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Impoverished Radio Experimenter Volume 5by Lindsay
Synopses & Reviews
Here you get details on building a three tube superhet that is actually easier to build than the regenerative receiver shown in Vol 4, but easily outperforms it. Three inexpensive octal tubes plugged into plastic relay sockets, driven by homemade IF transformers made from cardboard boxes and aluminum foil, deliver signals that are more stable and far more easily separated than any regen can. And you can power this radio with the simple power supply shown in Experimenter Vol 1.
This radio is an adaptation of a circuit that appeared in QST in August 1938. Then (and still today, I suspect) hams were terrified of superhets. The authors demonstrated how easy it was to build a superior receiver they could use on the air. This is no more complicated than bolting three simple radios together: a pentagrid converter, an IF amplifier, and a detector/BFO.
You wind the IF transformers on cardboard cores taken from kitchen plastic wrap, put them inside of corrugated cardboard boxes covered with aluminum foil. The whole radio is mounted on a pine board. It's easy to tune, easy to adjust, and you'll discover in an instant why regenerative receivers were relegated to the dumpster.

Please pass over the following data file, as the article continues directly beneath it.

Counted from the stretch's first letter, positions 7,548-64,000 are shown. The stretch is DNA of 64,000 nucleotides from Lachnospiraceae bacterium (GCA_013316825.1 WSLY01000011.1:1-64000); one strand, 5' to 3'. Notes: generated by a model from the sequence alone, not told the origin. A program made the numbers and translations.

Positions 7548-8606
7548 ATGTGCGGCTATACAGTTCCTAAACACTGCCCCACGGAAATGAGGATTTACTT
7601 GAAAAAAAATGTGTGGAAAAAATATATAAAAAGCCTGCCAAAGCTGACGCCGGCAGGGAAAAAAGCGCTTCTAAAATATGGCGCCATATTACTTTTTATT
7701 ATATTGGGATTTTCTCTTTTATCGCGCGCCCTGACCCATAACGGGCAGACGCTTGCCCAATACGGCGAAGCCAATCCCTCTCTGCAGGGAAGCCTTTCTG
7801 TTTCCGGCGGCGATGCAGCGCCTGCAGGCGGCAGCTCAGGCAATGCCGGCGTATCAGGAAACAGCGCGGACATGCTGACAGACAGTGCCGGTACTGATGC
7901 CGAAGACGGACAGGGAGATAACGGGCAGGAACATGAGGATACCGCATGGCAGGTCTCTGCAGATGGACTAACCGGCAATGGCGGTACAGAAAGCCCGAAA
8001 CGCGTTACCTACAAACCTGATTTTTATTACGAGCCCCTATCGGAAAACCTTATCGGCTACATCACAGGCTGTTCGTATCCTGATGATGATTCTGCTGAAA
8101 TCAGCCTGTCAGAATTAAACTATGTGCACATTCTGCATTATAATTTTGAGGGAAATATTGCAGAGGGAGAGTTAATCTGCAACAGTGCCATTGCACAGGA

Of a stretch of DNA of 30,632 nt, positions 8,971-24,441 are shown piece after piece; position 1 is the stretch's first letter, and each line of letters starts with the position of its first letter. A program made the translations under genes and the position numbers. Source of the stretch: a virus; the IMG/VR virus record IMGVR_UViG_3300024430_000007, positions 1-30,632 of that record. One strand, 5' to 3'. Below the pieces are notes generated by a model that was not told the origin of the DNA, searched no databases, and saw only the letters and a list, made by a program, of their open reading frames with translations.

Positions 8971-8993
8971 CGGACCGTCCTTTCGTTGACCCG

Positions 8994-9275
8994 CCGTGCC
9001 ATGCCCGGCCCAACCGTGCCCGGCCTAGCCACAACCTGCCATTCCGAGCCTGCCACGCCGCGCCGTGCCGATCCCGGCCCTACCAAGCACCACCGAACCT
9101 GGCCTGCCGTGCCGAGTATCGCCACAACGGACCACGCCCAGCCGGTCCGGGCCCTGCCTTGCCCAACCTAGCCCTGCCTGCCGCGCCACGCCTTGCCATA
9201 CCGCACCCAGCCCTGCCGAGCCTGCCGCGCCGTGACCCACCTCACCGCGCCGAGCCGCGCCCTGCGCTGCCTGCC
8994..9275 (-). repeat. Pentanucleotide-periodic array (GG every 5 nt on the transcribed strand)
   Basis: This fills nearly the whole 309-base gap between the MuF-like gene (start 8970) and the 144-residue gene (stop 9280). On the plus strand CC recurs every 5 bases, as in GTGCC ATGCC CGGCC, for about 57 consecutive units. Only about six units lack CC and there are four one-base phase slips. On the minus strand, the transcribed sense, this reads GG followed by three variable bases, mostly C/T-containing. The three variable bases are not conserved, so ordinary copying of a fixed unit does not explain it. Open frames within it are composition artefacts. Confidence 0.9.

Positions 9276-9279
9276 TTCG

You also get plans on how to build a simple three transistor oscillator that you use to align the receiver, and can use to align other receivers as well. The most expensive component is the nine-volt battery.
You'll learn how to build a simple coil winder to make coil winding easier and a simple oscillator that you can use to check the frequency of junk IF transformers found in the alley or at a flea market. And you'll be introduced to the complexities of universal coil winding, and how it can be done today.
It's all here from winding the IF transformers, choosing the frequencies, winding the coils and getting the whole thing working. You have to try it. This is so much better than a regenerative, easy to build, and it's dirt cheap.
If you're a coward, keep building the same crystal set. But if you want to experience the same excitement that you did when you first heard a crystal set as a kid, then you have to move on and build bigger and better radios. And this is one you MUST try. It's great. You'll see.
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Engineering » Communications » Radio